The mammalian ear is also exceptionally good at hearing very quiet sounds, because the three ossicles act as a system of levers, augmenting the small movements of the ear-drum oscillating in response to a sound wave, and transmitting these movements to the cochlea. This lends support to the well established thesis that early mammals were at one time small, nocturnal insect-eaters (even today, most mammals, especially the hunters, are nocturnal), which adopted this strategy as a way of staying out of the clutches of the dinosaurs.

The story gets more interesting yet, and reveals evolution in action. In growing mammals, as the embryo matures, the ossicles which are initially attached to the jaw bone, break loose and migrate backwards, from their original (i.e. reptilian) position in the jaw, and into the middle ear. Our suspicions about the origins of these bones were, in fact, first raised in embryological studies. Among modern mammals, the ossicles are one of the last structures to mature and to migrate to their proper location, and even after they so do, they may (in certain cases) still retain a few lingering strands of cartilage connecting them to the jaw in an earlier stage of embryonic development.


Source: http://by-word-of-mouth-newsletter.blogspot.com/2011/01/incredible- story-of-how-reptilian-jaw.html (a) Reptilian jaw formed between the quadrate and articular bones. (b) Mammalian jaw formed between the dentary and squamosal bones. (c) Reptilian middle ear consisting of only the stapes. (d) Mammalian middle ear consisting of the incus, malleus and stapes bones: the stapes was the original reptilian ossicle, whilst the incus and malleus were originally located in the reptilian jaw joint.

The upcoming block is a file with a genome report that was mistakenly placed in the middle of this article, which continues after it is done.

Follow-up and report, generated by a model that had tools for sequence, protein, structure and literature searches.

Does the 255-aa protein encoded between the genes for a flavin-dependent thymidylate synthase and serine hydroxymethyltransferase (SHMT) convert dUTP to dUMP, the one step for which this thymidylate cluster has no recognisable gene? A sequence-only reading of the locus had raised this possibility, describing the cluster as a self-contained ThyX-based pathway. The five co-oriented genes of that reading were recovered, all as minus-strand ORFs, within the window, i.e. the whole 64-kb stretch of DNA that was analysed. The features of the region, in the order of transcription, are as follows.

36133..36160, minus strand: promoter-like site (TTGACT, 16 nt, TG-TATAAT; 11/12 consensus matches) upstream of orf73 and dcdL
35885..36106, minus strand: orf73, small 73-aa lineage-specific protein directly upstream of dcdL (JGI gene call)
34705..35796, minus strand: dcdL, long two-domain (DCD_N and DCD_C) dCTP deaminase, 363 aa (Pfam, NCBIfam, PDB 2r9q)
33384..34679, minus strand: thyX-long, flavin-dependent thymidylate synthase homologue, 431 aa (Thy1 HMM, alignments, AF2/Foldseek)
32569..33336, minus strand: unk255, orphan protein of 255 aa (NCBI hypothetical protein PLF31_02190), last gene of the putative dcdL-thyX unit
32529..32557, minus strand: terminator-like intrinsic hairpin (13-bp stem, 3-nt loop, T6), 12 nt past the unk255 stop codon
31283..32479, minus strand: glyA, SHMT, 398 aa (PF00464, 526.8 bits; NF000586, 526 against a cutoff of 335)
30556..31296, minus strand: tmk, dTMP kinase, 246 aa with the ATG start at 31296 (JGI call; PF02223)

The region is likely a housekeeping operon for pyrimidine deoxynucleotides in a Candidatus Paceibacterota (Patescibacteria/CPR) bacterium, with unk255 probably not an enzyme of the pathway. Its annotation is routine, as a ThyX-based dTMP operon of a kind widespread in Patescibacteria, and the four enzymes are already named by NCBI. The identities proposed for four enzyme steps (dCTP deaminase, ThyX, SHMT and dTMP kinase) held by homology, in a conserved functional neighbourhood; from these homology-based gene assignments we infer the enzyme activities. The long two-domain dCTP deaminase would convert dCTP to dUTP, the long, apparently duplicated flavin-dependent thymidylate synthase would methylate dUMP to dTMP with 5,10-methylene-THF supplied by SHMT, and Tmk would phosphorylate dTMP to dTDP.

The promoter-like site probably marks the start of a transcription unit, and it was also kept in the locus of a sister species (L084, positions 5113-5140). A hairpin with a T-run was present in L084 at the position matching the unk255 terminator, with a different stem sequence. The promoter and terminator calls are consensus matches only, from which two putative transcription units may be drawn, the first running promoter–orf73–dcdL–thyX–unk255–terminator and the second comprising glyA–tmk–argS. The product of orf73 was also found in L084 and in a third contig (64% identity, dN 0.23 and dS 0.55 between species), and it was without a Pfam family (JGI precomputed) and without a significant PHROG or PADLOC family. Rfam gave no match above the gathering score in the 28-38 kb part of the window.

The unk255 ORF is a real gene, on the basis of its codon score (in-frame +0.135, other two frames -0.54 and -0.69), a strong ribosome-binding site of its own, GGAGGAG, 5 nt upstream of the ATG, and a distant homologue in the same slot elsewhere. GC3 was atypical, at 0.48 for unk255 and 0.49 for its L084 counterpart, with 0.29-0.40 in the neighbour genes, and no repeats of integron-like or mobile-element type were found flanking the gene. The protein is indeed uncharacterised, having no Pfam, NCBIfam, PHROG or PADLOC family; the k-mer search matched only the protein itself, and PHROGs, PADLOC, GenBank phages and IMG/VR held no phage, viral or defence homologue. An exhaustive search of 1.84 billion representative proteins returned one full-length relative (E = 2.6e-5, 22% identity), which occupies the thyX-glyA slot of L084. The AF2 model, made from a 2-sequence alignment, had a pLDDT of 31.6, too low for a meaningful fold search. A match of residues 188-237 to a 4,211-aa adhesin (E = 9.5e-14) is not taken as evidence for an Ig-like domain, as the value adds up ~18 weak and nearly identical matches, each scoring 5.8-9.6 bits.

Why does this happen? For the longest time, we did not know. However, it  now appears that it was due to the growing mammalian brain over evolutionary time. As space became limited, the developing ossicles were pushed backwards into their position in the middle ear. We know this from a study conducted on opossum embryos. In opossums, the ossicles stop growing after about three weeks, but their brains continue to grow for another nine weeks. You can literally see the ossicles being forced backwards by the growing brain. It appears that the evolution of a more specialised brain in mammals was one of the driving forces behind this bit of evolutionary change.